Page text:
Dove: Palazzo Malvasia, Strada Maggiore, 22 – Bologna BO
Informazioni: The staircase is one of the places included in the tourist itinerary “Scaloni e Scale delle Meraviglie” organized by Bologna Welcome.

In Bologna, an elegant spiral staircase by Gian Carlo Sicinio Bibiena (around 1750) can be admired in the prestigious Palazzo Malvasia, built along one of the city’s oldest streets, the Via Emilia.

The structure is decorated with stucco statues of Sisyphus and Minerva by Filippo Scandellari.

Farnese Tower (Castell’Arquato, PC)

Castell'Arquato (PC), Panoramica della rocca
Castell’Arquato (PC)

Where: Torrione Farnese, Via Fontane del Duca, 3 – Castell’Arquato (PC)
Info: Currently under concession to the Gens Innominabilis historical re-enactment society, it is open by appointment only.

One of the most beautiful villages/castles in Emilia-Romagna is undoubtedly Castell’Arquato, located on the foothills of the Val d’Arda.

If you think you have seen it somewhere before, you’re probably right: several film scenes were shot here, including the famous American film Ladyhawke.

Among the many things not to be missed during your visit is the Torrione Farnese, made up of five levels connected by a spectacular spiral staircase: a structure built under Sforza dinasty rule that recalls that recalls the architectural designs of Michelangelo and Vignola.

The Torrione is a 16th-century building located in the lower part of the village, used in the 20th century as the seat of the Geological Museum as well as an artist’s residence by the writer Aldo Braibanti (star of The Lord of the Ants).

Tower of Rivalta Castle (Gazzola, PC)

Castello di Rivalta Ph. Naeblys via shutterstock solo per uso editoriale
Rivalta Castle | Ph. Naeblys via Shutterstock

Where: Castello di Rivalta, Loc. Borgo Di Rivalta, 7 (SP 40) – Gazzola (PC)
Info: guided tours

Hidden among the green hills of Emilia-Romagna, Rivalta is one of the most characteristic villages in the province of Piacenza.

The town is an authentic open-air museum of art and architecture. The narrow streets are lined with charming, colorful houses, each with its own story to tell.

There are many places to visit, including the Madonna del Ponte Oratory and the medieval tower, as well as the medieval village and its castle, still inhabited by its noble owners, the Counts of Landi.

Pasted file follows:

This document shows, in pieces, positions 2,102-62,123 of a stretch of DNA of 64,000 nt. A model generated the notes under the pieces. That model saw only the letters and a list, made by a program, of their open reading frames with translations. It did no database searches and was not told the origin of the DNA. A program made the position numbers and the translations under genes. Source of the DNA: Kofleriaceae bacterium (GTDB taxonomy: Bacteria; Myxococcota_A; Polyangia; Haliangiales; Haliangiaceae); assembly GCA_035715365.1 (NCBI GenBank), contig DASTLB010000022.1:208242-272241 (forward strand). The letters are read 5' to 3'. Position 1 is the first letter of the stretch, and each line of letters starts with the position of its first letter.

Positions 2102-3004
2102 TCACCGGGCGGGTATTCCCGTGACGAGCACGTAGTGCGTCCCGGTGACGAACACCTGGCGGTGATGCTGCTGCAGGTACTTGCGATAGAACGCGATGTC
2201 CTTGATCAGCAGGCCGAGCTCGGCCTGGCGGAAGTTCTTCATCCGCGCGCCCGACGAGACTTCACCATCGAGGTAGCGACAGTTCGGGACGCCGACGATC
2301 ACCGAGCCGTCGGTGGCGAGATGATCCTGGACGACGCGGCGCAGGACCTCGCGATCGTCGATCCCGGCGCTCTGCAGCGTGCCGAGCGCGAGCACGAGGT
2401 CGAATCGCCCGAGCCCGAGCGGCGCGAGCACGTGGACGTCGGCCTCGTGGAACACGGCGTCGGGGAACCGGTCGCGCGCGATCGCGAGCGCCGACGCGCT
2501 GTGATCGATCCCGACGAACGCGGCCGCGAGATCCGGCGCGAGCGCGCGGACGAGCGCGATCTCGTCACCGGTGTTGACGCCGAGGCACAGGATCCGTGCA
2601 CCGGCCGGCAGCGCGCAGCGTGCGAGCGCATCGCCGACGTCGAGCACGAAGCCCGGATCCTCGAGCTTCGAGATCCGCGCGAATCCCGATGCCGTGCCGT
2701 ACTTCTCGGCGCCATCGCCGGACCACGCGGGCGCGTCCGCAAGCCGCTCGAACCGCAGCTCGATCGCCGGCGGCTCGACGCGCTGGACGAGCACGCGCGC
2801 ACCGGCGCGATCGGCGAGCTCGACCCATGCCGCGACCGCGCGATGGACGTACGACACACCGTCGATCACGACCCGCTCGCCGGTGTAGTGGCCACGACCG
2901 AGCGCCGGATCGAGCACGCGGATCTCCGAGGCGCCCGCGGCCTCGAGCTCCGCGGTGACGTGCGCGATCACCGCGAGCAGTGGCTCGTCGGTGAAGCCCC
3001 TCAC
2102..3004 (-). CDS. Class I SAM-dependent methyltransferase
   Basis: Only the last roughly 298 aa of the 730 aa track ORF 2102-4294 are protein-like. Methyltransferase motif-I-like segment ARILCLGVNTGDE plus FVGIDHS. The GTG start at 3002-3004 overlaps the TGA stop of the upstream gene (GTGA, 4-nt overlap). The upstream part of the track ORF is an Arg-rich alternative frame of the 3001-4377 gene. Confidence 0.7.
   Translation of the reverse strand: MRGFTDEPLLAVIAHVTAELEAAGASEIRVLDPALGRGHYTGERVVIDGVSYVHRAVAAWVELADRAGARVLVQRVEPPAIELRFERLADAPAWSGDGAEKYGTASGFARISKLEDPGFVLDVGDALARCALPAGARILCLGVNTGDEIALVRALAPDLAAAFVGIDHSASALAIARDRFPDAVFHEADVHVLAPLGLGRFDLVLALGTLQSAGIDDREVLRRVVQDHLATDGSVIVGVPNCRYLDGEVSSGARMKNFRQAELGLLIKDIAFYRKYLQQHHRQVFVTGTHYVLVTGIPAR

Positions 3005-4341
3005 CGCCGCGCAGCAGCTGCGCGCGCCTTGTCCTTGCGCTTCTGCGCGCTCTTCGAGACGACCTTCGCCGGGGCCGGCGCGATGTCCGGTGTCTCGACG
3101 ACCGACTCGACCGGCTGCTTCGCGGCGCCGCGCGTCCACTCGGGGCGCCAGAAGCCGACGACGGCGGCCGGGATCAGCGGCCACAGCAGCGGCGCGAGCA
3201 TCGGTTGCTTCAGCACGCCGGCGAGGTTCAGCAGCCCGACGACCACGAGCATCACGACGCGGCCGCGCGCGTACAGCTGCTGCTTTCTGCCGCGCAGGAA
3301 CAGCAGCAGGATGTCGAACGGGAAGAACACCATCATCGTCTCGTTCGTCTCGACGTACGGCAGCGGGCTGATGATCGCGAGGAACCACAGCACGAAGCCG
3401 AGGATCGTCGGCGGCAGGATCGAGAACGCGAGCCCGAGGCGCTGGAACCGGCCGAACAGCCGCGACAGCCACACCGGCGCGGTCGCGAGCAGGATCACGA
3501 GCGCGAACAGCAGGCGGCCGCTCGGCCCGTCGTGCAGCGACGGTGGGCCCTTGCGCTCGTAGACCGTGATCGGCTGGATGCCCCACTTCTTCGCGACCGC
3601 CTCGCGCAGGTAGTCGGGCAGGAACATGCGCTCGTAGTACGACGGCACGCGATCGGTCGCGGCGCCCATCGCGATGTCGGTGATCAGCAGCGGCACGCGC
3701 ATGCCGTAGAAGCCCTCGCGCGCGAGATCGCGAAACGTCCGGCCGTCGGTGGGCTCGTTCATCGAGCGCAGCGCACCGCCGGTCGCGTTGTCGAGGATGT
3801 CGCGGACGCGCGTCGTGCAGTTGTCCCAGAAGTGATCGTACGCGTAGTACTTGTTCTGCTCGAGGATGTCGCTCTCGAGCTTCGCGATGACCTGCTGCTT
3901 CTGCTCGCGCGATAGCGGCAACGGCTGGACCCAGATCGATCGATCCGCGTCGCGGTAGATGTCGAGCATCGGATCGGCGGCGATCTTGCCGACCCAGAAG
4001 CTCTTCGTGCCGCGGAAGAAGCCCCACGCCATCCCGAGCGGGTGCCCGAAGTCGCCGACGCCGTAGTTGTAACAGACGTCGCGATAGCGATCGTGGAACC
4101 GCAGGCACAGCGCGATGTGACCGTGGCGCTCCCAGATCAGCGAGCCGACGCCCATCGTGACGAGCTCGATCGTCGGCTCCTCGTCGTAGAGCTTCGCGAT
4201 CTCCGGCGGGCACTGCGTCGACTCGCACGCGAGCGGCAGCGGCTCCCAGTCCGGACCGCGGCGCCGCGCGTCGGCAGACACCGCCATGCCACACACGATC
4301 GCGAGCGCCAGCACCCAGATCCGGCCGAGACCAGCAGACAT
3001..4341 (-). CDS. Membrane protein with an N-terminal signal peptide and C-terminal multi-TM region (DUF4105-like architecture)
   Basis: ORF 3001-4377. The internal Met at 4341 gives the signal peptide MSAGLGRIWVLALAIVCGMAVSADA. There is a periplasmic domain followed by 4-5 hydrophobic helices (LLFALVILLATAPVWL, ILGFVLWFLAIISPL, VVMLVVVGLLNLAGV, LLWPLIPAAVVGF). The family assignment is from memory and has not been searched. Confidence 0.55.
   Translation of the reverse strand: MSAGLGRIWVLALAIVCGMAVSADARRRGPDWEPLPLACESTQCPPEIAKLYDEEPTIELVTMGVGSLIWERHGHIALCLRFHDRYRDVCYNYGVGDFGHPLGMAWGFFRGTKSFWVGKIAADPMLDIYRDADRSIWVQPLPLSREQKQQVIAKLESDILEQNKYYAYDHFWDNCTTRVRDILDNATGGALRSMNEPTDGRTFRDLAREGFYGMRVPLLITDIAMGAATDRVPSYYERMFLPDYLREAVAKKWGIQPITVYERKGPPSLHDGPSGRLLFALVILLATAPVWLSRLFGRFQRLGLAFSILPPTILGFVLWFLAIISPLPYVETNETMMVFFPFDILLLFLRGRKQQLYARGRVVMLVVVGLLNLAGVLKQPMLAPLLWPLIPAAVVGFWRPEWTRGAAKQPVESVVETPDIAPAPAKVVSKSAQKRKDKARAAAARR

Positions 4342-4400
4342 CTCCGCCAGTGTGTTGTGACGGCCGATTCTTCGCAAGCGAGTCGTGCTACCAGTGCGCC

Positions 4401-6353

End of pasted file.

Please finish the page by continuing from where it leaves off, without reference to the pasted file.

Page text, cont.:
Inside the tower, which can be seen from afar, it is possible to book a guided tour and climb the staircase (which is quite steep and narrow) that ends with a 360° view of the Trebbia River.

Carducci House (Bologna)

Bologna, Casa Carducci, ph., CC-BY-NC-SA 3.0
Casa Carducci (Bologna) | Ph., CC-BY-NC-SA 3.0

Where: Casa Carducci, Piazza Giosuè Carducci, 5 – Bologna (BO)
Info: opening hours

One of Bologna’s hidden gems is the Carducci House Museum. This picturesque house offers visitors a unique opportunity to immerse themselves in the life and work of the famous poet Giosuè Carducci, winner of the Nobel Prize for Literature in 1906.

Built in the 18th century, the house was the writer’s home from 1890 until his death in 1907. Inside, a beautiful spiral staircase leads to the nine rooms that make up the museum.

Pretorio Palace (Castrocaro Terme e Terra del Sole, FC)

Castrocaro Terme e Terra del Sole (FC), Palazzo Pretorio scala a chiocciola a doppia elicoide, Archivio Storico della Romagna Toscana, CC-BY-NC-SA 3.0
Castrocaro Terme e Terra del Sole (FC), Palazzo Pretorio | Ph. Archivio Storico della Romagna Toscana, CC-BY-NC-SA 3.0

Where: Palazzo Pretorio, Via Vittorio Veneto, 3 – Terra del Sole (FC)
Info: House of the Museum of Man and the Environment, open by appointment only

The ideal town of Terra del Sole, in the province of Forlì/Cesena, can offer a pleasant surprise to those who visit it.

Inside the Renaissance Palazzo Pretorio there is a beautiful double spiral staircase, developed on a single central pivot and realised in the form of a spiral staircase.

This architectural element is very striking, especially from a distribution point of view, for the function it plays in the context of the secret paths inside the building. Moreover, the structure seems to correspond exactly to a sketch made by Leonardo da Vinci a century before the city was built.

Albergati Palace (Zola Predosa, BO)

Zola Predosa (BO), Palazzo Albergati, ph. Fausto Deseri via Flickr, CC-BY-NC-SA 3.0
Zola Predosa (BO), Palazzo Albergati | Ph. Fausto Deseri, via Flickr, CC-BY-NC-SA 3.0

Where: Palazzo Albergati, Via A. Masini, 46 – Zola Predosa (BO)
Info: the palace occasionally opens its doors for cultural initiatives and events

Palazzo Albergati is a grand country residence, privately owned, that belonged to the Albergati family from Bologna, one of the most illustrious and representative families in the area between the 16th and 17th centuries.

Several staircases were built to connect the different floors of this extraordinarily large building, sober on the outside and baroque on the inside, the most notable of which is the noble staircase with three spiral flights.